If Zoey Clarke could see me know, she would probably see me singing and dancing a happy song as NBC has renewed its freshman musical comedy series Zoey’s Extraordinary Playlist for a second season.
The series has proven to be a breakout hit for the network with episodes averaging a seven-day viewing figure of 3.1 million viewers between those watching its live airing and those catching up with it via a variety of digital platforms or via DVR within that first week.
But don’t think that NBC is high on all of the musicals that they had on their schedule this past season. The Bradley Whitford – Anna Camp starring Perfect Harmony did not get a callback for a second season. In fact, Zoey’s Extraordinary Playlist is the only one of the network’s freshman series to get a second season pick up.
Due to vagaries because of coronavirus and set safety concerns, NBC has not announced their fall schedule yet or when the second season of Zoey’s Extraordinary Playlist will bow.
In a rather unique spin on the conceit of musicals, Jane Levy stars as the titular Zoey, a young software programmer who, after a an accident involving an ipod, an MRI and an earthquake, discovers that she can see people’s inner thoughts and feelings being expressed by them as song and dance numbers. She soon finds herself using this new insight into her friends and co-workers to try and help them with their individual personal problems while also dealing with her own family’s struggles dealing with a father suffering from a terminal neurological disorder.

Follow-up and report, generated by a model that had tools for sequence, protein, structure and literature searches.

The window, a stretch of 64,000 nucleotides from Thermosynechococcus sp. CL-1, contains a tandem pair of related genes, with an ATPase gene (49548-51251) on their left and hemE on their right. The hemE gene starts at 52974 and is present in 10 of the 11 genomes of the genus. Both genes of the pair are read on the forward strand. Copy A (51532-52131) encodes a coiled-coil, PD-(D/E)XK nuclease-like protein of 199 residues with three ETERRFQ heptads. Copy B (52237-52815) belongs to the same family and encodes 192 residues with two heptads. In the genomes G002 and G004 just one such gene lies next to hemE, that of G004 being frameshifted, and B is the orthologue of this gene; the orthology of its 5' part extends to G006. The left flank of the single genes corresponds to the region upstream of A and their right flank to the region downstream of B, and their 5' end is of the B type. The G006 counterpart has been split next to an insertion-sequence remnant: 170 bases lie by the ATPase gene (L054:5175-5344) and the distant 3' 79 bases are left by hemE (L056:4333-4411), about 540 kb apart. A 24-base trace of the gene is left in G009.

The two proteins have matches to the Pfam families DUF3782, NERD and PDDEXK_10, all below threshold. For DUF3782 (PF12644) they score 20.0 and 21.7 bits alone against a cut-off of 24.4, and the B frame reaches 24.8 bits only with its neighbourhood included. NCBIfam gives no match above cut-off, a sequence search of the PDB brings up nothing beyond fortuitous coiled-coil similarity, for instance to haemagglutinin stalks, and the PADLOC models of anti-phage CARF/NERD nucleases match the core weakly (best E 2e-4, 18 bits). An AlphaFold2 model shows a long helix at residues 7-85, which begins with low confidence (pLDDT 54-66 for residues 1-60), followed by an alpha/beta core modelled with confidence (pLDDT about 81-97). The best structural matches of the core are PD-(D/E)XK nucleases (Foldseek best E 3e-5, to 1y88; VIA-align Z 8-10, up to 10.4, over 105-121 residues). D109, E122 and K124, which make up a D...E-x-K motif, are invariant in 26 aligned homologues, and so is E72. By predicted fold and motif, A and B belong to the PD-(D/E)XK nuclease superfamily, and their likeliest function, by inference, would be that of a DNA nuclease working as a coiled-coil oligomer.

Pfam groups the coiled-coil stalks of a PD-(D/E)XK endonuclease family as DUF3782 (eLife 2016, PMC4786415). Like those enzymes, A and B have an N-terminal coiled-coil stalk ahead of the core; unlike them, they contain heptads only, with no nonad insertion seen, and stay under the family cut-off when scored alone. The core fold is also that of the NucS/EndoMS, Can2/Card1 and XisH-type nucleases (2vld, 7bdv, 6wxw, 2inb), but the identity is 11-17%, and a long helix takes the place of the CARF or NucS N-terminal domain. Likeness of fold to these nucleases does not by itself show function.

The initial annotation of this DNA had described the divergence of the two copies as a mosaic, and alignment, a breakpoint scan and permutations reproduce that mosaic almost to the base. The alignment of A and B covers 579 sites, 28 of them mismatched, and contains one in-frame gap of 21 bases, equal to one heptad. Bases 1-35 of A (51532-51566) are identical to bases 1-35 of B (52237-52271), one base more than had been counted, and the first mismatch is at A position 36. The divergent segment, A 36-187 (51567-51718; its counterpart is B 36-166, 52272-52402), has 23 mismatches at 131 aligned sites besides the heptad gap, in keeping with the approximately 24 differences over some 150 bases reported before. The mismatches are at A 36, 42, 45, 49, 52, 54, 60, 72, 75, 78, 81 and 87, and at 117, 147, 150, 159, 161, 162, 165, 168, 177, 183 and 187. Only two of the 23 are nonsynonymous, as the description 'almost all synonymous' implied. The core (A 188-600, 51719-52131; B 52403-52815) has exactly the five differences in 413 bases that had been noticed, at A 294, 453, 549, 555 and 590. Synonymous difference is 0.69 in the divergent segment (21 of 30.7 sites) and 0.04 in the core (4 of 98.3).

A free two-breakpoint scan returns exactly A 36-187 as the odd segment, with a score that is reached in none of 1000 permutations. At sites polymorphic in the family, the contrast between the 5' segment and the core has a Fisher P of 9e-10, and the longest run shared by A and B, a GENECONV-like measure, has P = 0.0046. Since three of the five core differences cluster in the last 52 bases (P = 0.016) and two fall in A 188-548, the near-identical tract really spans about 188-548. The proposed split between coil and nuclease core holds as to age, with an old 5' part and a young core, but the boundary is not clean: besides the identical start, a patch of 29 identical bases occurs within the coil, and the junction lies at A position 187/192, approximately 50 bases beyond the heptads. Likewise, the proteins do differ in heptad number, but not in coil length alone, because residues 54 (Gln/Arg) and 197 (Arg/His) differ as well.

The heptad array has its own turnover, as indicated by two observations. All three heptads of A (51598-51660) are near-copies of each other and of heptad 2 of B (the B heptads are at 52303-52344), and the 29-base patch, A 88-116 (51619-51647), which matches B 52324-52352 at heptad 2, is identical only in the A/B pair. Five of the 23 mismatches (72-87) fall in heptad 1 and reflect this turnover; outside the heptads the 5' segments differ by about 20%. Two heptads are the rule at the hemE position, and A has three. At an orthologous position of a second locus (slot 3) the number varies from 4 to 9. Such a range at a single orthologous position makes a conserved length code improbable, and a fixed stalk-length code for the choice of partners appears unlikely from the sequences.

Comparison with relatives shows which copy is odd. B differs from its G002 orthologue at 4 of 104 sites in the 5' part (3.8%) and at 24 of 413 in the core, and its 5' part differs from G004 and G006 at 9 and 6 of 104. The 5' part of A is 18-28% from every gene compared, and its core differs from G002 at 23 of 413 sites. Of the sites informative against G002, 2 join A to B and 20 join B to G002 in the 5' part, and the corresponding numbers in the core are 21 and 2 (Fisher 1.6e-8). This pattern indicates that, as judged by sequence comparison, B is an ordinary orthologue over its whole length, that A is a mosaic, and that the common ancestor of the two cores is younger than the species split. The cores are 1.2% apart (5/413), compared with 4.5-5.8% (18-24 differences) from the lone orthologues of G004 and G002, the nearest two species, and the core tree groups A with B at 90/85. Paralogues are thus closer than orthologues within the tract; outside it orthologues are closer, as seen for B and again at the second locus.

Skylar Astin, Alex Newell, Peter Gallagher, Mary Steenburgen and Lauren Graham co-star.
Now I’ll admit that the show’s premise sounded a bit twee and I didn’t have any expectations for the series. But when I saw that NBC placed it on Hulu a few weeks before its over=the-air premier, I was intrigued enough by that vote of confidence to check it out. And I was blown away by the show and in particular the star quality of Levy in the role, keeping her character charming while also giving her a relatable emotional vulnerability. And the musical numbers are impressively staged between the choreography from Mandy Moore to the way they are often presented in one continuous, unbroken shot with the camera gliding through the performers and actors.
The entire first season is currently available on Hulu and NBCUniversal-owned streamer Peacock.